Arts/Literature

The profound effects of redefining success—Review: Outliers by Malcolm Gladwell

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outliersIt sits at the core of the American Dream: the idea that, through pluck and hard work, anyone can succeed. Horatio Alger called that kind of person the “self-made man.”

And according to Malcom Gladwell, it’s all a bunch of malarkey. 

In his latest book, Outliers: The Story of Success, Gladwell explodes the myth of the self-made person. “No one makes it alone,” he says.

“We tell rags to riches stories because we find something captivating in the idea of a lone hero battling overwhelming odds,” Gladwell says. While inspiring, such stories are deeply flawed because a person’s success has less to do with what they’re like than with where they’re from.

“The values of the world we inhabit, and the people we surround ourselves with, has a profound effect on who we are,” he says.

As has become a hallmark of Gladwell’s work, Outliers delves into unconventional stories in search of hidden truths that then illuminate the everyday world around us. Readers shouldn’t expect hard science or even the kind of rigor a social scientist might apply to these sorts of examinations; what readers can expect is the shrewd eye of a trained journalist guided by creative insight.

In the case of Outliers, Gladwell examines the notion of success and discovers that there’s something “profoundly wrong” with the way we define it. “Success follows a predictable path,” he argues. There’s “clearly a pattern, but people refuse to see it.”

To forward his hypothesis, Gladwell looks at amazingly diverse and eclectic examples. Why do the vast majority of Canada’s top hockey players have birthdays in the first three months of the year?

Having a birthday in the first three months of the year, close to the cut-off deadline for youth hockey leagues, gives a kid a competitive advantage in size verses kids of the same age born late in the year. At age eight, that difference in development is significant, Gladwell points out. So the older kids do better, which means they’re targeted for selection to the more elite leagues, which gives them the chance to play more than kids not selected for those elite leagues. The extra practice and playing time makes them even better, and so on, and they continue to rise to the top.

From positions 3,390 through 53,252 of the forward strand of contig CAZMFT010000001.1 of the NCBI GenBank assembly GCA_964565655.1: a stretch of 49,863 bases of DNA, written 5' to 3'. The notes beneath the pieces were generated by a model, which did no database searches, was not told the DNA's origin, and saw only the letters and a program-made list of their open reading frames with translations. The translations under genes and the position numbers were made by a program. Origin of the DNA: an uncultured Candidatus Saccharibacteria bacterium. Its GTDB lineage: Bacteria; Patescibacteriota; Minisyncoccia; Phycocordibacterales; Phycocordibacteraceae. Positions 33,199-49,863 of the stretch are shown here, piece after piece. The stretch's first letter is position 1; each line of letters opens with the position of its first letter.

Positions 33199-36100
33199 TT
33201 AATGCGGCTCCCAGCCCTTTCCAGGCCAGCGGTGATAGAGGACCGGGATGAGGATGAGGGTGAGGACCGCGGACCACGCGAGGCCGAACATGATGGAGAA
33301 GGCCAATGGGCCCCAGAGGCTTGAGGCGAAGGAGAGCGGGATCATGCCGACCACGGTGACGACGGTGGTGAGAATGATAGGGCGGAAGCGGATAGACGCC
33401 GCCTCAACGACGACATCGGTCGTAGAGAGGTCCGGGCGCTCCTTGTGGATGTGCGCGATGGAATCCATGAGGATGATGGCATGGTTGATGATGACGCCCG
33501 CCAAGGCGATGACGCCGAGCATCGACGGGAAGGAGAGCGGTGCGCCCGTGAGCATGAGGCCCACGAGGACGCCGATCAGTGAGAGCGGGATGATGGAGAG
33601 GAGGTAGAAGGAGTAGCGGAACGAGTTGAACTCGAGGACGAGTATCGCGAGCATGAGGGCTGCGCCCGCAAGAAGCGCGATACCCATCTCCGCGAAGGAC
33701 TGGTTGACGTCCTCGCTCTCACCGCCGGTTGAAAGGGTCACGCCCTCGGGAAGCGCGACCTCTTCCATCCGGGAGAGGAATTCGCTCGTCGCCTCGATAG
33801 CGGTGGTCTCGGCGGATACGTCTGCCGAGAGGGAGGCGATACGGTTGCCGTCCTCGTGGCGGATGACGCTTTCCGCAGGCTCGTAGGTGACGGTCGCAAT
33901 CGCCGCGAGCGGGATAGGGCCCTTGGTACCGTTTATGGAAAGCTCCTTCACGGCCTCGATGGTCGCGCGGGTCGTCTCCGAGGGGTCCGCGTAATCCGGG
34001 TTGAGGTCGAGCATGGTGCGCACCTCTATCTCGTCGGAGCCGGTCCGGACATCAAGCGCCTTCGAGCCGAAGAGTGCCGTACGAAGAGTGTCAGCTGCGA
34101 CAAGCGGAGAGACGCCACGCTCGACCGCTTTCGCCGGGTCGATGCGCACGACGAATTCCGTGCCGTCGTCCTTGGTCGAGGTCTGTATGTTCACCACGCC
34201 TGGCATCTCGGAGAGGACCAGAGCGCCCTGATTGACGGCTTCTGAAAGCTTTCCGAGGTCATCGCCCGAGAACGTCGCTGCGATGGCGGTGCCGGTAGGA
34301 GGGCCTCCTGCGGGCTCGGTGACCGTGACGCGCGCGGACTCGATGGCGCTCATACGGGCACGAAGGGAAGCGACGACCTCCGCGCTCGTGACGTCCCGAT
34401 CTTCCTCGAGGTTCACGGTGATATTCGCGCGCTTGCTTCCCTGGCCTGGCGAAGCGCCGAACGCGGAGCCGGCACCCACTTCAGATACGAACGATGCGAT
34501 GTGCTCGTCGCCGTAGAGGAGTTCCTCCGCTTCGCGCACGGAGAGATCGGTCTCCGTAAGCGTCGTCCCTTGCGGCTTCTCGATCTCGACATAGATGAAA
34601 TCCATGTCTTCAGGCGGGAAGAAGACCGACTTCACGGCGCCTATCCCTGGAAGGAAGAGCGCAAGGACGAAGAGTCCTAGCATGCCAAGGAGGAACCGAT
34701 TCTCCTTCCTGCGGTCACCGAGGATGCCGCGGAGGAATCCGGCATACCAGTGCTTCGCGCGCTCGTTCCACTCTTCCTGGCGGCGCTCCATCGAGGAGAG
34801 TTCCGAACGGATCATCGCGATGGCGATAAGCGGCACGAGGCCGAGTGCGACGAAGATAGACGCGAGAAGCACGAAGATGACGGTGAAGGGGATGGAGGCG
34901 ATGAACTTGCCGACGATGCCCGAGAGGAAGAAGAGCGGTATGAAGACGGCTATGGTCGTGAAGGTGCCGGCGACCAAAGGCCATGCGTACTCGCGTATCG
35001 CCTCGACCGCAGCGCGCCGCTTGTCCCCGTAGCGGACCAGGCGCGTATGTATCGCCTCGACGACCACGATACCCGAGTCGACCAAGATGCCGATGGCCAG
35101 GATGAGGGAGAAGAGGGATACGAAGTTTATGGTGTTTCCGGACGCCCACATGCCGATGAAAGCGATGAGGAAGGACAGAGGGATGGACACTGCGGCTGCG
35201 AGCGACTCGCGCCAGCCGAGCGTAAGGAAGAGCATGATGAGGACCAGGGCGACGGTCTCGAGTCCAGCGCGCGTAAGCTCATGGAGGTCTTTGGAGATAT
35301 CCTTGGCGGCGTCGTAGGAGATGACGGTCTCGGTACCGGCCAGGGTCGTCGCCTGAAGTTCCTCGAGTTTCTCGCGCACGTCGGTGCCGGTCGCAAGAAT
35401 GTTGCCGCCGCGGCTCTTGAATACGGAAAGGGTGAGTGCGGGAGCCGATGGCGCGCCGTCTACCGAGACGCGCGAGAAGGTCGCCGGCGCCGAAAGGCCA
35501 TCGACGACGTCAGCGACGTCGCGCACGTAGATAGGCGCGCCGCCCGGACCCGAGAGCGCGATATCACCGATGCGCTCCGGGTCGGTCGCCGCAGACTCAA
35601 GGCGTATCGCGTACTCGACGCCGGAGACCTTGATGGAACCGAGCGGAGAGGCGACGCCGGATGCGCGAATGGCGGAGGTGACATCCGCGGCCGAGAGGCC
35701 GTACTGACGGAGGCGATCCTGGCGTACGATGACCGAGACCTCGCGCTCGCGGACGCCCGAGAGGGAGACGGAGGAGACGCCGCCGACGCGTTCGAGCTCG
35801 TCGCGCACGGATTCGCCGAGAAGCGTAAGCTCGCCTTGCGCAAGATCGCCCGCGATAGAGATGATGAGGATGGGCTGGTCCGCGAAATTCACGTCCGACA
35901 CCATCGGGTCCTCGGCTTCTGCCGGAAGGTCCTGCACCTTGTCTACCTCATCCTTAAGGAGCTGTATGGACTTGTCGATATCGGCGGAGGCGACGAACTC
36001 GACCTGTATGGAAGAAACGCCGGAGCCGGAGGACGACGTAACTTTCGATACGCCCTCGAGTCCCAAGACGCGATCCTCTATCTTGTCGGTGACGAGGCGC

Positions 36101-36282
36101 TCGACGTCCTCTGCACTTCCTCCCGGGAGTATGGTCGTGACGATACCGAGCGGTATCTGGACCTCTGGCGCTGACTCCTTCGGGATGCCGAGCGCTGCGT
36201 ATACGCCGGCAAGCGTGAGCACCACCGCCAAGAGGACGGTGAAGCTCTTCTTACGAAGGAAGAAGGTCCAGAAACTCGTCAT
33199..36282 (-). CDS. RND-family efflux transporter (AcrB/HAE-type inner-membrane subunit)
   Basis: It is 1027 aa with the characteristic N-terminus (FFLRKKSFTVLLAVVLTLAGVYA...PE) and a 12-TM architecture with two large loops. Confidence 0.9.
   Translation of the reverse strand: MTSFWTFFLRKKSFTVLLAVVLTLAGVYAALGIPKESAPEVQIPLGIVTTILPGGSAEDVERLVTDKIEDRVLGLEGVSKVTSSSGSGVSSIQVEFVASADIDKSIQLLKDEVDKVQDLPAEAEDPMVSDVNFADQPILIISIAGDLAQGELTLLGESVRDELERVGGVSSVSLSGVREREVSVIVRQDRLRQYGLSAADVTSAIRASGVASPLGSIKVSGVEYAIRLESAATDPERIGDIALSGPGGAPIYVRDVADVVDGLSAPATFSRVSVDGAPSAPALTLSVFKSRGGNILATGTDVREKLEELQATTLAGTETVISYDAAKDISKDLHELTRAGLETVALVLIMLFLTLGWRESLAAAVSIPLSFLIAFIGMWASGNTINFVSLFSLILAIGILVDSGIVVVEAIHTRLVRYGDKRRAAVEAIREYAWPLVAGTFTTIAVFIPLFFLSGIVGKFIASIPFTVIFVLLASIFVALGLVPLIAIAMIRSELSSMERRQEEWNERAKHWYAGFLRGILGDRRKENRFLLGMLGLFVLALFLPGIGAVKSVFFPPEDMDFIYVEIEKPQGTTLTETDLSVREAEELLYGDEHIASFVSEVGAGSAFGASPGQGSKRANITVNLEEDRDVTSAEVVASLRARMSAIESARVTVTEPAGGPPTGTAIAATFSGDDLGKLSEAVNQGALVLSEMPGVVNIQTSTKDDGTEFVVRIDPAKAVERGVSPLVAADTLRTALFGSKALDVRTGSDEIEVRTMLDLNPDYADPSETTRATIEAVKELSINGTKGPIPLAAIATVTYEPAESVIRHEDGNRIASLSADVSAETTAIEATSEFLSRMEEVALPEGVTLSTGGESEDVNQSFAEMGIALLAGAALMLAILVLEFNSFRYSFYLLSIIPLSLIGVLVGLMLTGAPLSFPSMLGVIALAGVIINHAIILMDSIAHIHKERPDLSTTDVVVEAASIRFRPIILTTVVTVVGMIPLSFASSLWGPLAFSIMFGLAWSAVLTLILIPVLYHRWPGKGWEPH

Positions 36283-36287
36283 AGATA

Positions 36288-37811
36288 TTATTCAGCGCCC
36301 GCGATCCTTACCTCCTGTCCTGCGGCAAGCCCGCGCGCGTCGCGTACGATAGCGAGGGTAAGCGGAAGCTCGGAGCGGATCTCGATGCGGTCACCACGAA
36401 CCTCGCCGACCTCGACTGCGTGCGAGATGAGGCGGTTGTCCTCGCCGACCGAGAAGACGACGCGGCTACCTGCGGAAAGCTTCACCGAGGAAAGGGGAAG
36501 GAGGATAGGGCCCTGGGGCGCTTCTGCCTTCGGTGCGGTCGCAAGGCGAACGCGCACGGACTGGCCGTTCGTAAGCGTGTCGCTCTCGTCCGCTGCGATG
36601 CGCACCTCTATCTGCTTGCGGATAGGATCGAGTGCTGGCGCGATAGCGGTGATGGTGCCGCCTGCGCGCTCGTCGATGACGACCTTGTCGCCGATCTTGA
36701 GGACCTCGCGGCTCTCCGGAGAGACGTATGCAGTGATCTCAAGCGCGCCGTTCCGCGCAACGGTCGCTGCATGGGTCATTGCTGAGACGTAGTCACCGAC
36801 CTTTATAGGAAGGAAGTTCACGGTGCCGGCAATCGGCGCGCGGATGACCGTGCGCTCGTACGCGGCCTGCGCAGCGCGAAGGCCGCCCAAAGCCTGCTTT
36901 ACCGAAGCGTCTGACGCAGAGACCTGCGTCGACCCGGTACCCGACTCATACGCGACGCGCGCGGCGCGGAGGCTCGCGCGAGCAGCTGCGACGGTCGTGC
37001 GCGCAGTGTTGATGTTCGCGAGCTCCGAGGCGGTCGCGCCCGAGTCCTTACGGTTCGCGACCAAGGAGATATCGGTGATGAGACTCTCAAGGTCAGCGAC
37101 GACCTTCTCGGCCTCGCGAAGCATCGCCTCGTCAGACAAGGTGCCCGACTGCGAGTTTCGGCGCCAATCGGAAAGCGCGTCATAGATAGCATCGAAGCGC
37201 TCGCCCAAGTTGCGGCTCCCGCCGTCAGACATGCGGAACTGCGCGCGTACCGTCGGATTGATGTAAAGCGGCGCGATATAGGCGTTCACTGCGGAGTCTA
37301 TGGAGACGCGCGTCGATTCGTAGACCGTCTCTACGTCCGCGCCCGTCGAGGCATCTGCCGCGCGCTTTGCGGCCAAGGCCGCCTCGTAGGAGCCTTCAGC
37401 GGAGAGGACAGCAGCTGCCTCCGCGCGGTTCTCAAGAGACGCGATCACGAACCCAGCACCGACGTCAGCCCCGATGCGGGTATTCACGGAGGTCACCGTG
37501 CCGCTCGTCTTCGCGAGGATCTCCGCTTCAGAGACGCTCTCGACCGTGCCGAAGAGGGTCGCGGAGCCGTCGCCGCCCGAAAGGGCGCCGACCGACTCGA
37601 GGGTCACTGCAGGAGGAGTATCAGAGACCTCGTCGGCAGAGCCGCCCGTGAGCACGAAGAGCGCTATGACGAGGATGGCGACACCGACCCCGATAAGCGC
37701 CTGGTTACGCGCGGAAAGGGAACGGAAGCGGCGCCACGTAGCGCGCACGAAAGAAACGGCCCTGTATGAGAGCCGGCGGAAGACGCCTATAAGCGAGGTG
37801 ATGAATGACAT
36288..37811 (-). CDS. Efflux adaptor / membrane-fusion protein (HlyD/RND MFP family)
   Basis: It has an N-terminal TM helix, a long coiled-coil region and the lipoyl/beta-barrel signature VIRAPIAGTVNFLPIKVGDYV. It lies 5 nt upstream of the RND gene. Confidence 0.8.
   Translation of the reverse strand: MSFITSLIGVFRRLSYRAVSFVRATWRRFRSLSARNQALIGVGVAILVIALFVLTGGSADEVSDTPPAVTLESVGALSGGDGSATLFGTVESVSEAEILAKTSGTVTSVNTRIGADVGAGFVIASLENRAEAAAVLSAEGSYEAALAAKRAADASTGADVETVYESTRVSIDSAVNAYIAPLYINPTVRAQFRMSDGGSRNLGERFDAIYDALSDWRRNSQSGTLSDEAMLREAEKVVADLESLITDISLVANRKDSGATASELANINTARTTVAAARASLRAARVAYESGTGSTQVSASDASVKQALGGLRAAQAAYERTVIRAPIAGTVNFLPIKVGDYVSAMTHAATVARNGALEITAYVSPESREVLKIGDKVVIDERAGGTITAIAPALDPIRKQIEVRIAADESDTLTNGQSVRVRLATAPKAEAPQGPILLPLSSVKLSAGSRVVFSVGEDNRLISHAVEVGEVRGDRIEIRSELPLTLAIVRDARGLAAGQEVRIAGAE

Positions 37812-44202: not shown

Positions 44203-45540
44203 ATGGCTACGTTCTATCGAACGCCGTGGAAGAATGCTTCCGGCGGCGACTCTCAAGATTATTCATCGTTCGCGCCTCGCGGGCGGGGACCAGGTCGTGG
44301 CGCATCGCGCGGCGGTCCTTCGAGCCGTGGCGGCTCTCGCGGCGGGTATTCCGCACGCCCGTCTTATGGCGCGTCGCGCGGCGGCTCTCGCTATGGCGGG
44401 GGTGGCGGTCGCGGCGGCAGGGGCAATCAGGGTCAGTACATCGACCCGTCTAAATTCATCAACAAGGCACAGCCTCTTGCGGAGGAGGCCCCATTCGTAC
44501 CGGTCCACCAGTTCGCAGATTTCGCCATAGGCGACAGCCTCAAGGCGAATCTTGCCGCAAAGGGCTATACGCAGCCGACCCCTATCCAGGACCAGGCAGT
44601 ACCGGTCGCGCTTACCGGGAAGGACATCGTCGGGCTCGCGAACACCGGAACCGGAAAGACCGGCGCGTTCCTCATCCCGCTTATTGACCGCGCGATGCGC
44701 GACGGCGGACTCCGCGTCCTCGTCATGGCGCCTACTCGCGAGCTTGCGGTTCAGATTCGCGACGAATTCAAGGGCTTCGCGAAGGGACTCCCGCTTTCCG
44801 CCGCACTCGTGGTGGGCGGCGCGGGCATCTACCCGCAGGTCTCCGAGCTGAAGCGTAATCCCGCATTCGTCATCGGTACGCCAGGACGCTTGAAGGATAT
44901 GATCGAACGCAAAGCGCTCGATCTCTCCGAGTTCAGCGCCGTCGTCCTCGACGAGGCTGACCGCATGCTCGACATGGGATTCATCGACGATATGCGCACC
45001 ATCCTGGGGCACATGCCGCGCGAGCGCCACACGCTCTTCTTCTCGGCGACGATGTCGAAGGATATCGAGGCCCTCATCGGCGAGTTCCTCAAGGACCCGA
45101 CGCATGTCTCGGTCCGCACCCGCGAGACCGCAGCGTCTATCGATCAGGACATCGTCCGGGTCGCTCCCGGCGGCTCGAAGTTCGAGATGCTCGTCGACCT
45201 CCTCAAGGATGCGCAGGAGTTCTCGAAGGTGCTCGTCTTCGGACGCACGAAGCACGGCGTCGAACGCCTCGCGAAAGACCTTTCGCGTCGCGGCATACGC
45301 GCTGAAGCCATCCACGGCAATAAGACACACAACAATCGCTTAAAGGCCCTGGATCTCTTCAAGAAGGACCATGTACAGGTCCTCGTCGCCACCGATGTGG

“Those who are already successful get the kinds of opportunities that lead to more success,” Gladwell explains. That sort of cumulative advantage means that people with a small leg up at the start end up having the impact of that advantage magnified tremendously over time.

Gladwell looks at the founding generation of the personal computing revolution, he looks at the Beatles, he looks at professional musicians, he looks at the communication styles of Korean airline pilots, he looks at schools.

In all cases, Gladwell points out the ways in which community affect individual development.

People who achieve success “are invariably the beneficiaries of hidden advantages and extraordinary opportunities and cultural legacies that allow them to learn and work hard and make sense of the world in ways others cannot,” Gladwell argues. Such things “shape our achievement in ways we cannot begin to imagine.”

In many cases, there’s an element of being in the right place at the right time. But Gladwell contends that such lucky breaks only turn out to be lucky if a person is prepared for them, and that sort of individual preparation doesn’t take place in a vacuum.

Through his mythbusting, Gladwell isn’t trying to discourage readers from striving for success. He doesn’t advocate the abandonment of the American Dream. In fact, it’s just the opposite. “Because we so profoundly personalize success, we miss opportunities to lift others onto the top rung,” Gladwell says. “We make rules to frustrate achievement.” By being aware of those rules and their impacts, society can redefine the way it nurtures young people and prepares them for the world. We can actually set more people up to succeed.

On one level, Gladwell isn’t talking rocket science: We’re all products of our environment. But his book becomes profoundly important when he explores the many implications of that idea. We can do much as a society to influence that environment so that the American Dream becomes easier to achieve for everyone.

4 replies »

  1. All fine and good – but does anyone really believe otherwise? I mean – this ‘myth’ that he’s ‘busting’ – does he offer any evidence that there exists, somewhere, a significant number of people, over the age of about 16 anyway, who genuinely believe in it?

  2. So, if I’ve read Taleb’s The Black Swan, just how much does that book line up with this one? I’ve heard they complement each other very well.

  3. @vet: Actually, I think the Horatio Alger myth is alive and well and peddled to us every day in the media. People eat it like Wheaties. I saw it all the time during the presidential campaign.

    @steve: Unfortunately, I’ve not read Black Swan yet, but I’ll put it on my Kindle list.

  4. Black swan isn’t a bad book, but I wish they would stick with the science. I wish both of the aforementioned books would stick with the science, but then again, they wouldn’t sell if they did that

    Jeff

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